WORKERS at Heathrow Airport will next week step up strike action in their increasingly bitter dispute over massive wage cuts that the company is imposing on them through a controversial fire and rehire policy.
The workers will be taking a second day of targeted strike action on Monday 14 December and will be staging a huge car-based rally, while also maintaining socially distanced picket lines around Heathrow.
Speakers at the protest will include several local MPs, including John McDonnell MP and James Murray MP, as well as local councillors and representatives of the striking workers. The workers will remain in their cars throughout the protest to avoid the risk of spreading Covid-19.
Unite will be maintaining three strictly socially distanced picket lines during the strike at Hatton Cross Tube station TW6 3PF, on the Bath Road by the A4 roundabout TW6 2AA and also on the Bath Road near the ambulance/fire house TW6 2AA.
Unite members recorded an 84 per cent vote in favour of strike action. As a result, Unite is taking targeted strike action involving firefighters, engineers, campus security, baggage operations, central terminal operations and landside and airside operations.
The dispute is a result of Heathrow Airport Limited’s (HAL) decision to fire and rehire its 4,000 employees on vastly inferior contracts. Unite members are facing permanent pay cuts up to 25 per cent of their pay (£8,000 per annum).
Unite has warned that despite Heathrow airport continuing to operate during the strikes, management has failed to provide details of its contingency plans and questions remain about safety.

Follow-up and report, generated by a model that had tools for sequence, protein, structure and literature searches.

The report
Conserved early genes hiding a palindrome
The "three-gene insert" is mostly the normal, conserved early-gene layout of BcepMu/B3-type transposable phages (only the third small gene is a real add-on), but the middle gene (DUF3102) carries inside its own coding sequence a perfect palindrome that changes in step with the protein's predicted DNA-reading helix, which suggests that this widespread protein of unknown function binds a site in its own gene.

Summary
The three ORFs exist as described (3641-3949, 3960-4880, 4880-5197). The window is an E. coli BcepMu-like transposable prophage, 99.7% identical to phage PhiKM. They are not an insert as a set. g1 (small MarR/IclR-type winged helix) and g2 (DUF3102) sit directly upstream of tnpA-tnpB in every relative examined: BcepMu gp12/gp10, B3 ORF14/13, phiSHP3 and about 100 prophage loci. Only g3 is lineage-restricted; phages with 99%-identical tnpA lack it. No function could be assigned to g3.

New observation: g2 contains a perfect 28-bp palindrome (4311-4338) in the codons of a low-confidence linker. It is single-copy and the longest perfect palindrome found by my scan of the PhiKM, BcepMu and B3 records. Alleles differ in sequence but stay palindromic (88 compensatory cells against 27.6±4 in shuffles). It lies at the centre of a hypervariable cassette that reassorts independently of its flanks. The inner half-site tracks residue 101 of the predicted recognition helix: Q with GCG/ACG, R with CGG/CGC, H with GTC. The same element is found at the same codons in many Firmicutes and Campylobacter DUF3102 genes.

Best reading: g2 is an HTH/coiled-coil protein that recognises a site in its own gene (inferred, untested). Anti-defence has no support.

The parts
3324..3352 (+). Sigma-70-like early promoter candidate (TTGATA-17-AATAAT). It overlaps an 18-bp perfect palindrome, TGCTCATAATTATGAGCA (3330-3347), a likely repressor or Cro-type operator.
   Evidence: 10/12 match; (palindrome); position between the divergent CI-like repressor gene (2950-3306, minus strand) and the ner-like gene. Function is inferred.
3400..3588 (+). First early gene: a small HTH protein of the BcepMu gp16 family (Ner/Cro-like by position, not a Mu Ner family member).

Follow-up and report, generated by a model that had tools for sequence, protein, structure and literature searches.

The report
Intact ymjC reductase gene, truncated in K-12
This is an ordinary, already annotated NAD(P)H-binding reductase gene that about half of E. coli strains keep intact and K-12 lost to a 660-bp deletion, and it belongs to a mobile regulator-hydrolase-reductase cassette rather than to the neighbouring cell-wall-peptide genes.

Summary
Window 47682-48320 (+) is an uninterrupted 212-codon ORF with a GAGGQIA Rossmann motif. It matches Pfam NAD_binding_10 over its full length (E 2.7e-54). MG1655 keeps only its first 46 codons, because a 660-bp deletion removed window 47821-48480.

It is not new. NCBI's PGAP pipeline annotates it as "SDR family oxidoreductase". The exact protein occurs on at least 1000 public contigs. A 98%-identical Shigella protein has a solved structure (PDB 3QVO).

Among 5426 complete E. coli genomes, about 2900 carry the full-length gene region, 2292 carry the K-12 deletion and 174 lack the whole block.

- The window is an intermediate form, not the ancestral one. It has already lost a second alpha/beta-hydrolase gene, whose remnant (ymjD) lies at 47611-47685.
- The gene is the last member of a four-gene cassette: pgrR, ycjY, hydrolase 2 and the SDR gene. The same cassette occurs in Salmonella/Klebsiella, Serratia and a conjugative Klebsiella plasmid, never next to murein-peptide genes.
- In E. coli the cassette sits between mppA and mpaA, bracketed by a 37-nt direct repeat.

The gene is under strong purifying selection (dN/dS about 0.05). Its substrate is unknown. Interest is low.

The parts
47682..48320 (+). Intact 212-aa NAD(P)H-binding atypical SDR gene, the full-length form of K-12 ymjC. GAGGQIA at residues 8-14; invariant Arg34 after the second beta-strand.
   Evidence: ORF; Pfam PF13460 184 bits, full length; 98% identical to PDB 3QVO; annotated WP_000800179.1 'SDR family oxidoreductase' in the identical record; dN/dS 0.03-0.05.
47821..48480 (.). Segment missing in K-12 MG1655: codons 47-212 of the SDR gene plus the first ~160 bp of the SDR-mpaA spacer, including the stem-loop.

Unite will be holding a further two days of strike action this week on Thursday 17 and Friday 18 December. The strikes will occur at a time when the airport is increasingly busy due to the pre-Christmas getaway.
Unite regional co-ordinating officer Wayne King said: ‘Workers will be ramping up strike action this week as HAL has refused to withdraw its decision to brutally fire and rehire its loyal staff.
‘The airport’s success was built on its workforce, who have continued to ensure it operates throughout the pandemic, on occasion risking their health.
‘HAL has repaid them by conducting the most brutal fire and rehire operation ever seen in the UK.
‘HAL would rather pay millions on arranging for contingencies during the strike than agree a fair deal for its loyal workforce.
‘HAL is using Covid as cover to force through long-held plans to cut workers’ pay. This is about greed not need. If this was related to the pandemic, HAL would be looking for temporary pay cuts.’